31 writers contributed stories to the project and they include a wide range of Zimbabweans: those enduring in the country, those making it in the Diaspora (New Zealand, UK, South Africa, Holland and Japan), men and women from different racial backgrounds. Jane Morris, the editor, was very up beat about the quality of the project, “We had a huge response in terms of writers submitting their work for consideration – a very high standard and it was difficult to choose,” she said.
Notable contributors include Brian Chikwava; John Eppel, Albert Nyathi, Raisedon Baya, Ignatius Mabasa and Pathisa Nyathi. Though the proportion of women is always smaller compared to men in any literary project, it is significant that a fifth of the stories in the book belong to women. The six women writers are Cathy Buckle, Judy Maphosa, Byrony Rheamy, Diana Charsley, Mary Ndlovu and Wendy Blakely. The youngest contributor in the book is 23-year-old Tinashe Mushakavanhu. The talented young writer has had stories appearing in Short Writings From Bulawayo II (2005) and Writing Now (2005).
The launch of the book is running simultaneously with an art exhibition of paintings inspired by the writings in the book. This is a unique celebration of art, where writers and painters not only compliment but also inspire each other. Morris enthusiastically explained the idea for this unique exhibition, “amaBooks, Alliance Francaise of Bulawayo and the Visual Artists Association of Bulawayo thought a closer working relationship between the two art disciplines (visual and written) should be fostered. We are all excited at the prospect of cross fertilisation and we all work well together and inspire each other. It is a vibrant artistic community.”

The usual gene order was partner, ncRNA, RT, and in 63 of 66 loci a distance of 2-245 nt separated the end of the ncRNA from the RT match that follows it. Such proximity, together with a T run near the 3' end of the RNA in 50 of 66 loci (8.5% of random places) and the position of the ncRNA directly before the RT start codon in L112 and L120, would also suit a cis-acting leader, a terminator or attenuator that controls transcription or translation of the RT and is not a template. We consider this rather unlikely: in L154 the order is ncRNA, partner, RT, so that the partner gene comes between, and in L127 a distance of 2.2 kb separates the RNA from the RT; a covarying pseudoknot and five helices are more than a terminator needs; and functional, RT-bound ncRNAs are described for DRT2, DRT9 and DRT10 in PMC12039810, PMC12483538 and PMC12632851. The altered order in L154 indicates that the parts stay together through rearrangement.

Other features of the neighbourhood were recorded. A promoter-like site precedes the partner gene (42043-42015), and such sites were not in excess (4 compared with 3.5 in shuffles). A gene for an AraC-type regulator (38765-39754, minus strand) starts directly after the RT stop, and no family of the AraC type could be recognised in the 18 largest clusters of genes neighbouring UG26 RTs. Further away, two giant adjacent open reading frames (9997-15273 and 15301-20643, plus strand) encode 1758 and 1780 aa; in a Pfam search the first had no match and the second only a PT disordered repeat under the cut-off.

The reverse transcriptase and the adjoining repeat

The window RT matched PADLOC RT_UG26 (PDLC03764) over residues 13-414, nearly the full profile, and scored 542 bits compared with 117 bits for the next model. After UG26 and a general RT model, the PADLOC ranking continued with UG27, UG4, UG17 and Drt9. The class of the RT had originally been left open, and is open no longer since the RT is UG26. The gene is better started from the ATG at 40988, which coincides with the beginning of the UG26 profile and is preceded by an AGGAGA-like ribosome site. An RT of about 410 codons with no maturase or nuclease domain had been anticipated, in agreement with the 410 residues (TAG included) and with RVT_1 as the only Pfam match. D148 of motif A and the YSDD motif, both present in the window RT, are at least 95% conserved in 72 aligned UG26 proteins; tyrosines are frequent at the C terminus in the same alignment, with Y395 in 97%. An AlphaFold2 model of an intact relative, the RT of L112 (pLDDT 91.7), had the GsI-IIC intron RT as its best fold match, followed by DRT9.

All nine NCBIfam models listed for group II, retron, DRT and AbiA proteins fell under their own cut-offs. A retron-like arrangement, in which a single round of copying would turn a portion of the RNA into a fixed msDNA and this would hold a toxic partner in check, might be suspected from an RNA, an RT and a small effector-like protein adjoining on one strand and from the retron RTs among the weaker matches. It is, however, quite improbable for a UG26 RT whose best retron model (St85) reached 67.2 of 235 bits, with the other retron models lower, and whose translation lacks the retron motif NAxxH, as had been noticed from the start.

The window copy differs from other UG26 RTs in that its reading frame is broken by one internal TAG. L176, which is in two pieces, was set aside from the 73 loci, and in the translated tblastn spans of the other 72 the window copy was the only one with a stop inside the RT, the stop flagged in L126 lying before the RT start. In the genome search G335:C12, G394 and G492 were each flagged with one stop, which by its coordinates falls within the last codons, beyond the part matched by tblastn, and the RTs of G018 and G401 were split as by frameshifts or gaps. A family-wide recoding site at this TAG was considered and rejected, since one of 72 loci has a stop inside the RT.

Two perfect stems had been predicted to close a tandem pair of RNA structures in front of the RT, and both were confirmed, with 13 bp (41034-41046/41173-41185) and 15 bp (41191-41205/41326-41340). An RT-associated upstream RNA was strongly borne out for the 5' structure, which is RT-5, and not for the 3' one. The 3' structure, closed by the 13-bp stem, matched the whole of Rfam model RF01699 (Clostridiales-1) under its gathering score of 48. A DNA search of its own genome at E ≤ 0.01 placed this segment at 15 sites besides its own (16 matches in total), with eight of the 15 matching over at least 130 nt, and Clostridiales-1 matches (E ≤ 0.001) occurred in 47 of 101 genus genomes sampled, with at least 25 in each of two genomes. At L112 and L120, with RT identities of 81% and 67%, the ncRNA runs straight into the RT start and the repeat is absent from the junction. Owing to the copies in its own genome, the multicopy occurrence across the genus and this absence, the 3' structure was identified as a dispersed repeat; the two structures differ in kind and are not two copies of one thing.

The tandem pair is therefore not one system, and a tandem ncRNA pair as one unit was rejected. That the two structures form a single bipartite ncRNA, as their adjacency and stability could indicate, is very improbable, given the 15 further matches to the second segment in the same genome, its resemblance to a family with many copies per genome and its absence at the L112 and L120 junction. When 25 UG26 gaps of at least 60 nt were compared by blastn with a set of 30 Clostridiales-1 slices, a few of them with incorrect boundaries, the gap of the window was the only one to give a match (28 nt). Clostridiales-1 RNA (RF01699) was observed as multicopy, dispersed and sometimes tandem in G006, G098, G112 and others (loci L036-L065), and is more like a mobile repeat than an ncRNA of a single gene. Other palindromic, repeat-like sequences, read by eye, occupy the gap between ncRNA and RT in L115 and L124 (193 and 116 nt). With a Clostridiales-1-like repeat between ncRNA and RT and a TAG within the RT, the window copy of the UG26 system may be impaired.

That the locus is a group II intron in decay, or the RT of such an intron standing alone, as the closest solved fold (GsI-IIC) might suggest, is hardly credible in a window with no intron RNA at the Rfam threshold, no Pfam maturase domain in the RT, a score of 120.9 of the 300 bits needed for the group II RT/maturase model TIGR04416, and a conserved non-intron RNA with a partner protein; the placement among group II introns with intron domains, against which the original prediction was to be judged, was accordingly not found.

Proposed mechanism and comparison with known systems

Tomorrow, June 2, also at the National Gallery in Bulawayo, at 5pm,there will be readings from all writers who are able to attend. Audience participation will choose the “winners’ – both writers and painters. A number of organisations have donated prizes for the event. On this “readings night” 6th form students of art and literature, as well as the general public, will attend. It will be good for budding writers and artists to meet those who have had works published or exhibited.
This literary project was supported by the Alliance Francaise, the National Gallery of Zimbabwe in Bulawayo, Visual Artists Association of Bulawayo and HIVOS. The Short Writings From Bulawayo fiction series has become so popular with readers in Zimbabwe and elsewhere.
Later in the year, ‘amaBooks will be re-publishing John Eppel’s novel Hatchings. The Carrefour Press, Cape Town previously published the novel in 1993.
With the Zimbabwean publishing industry on the wane due to economic challenges facing the country, it is laudable when a publisher churns out a new book in these difficult times. 'amaBooks this week launch their third short story anthology, Short Writings From Bulawayo III at the National Gallery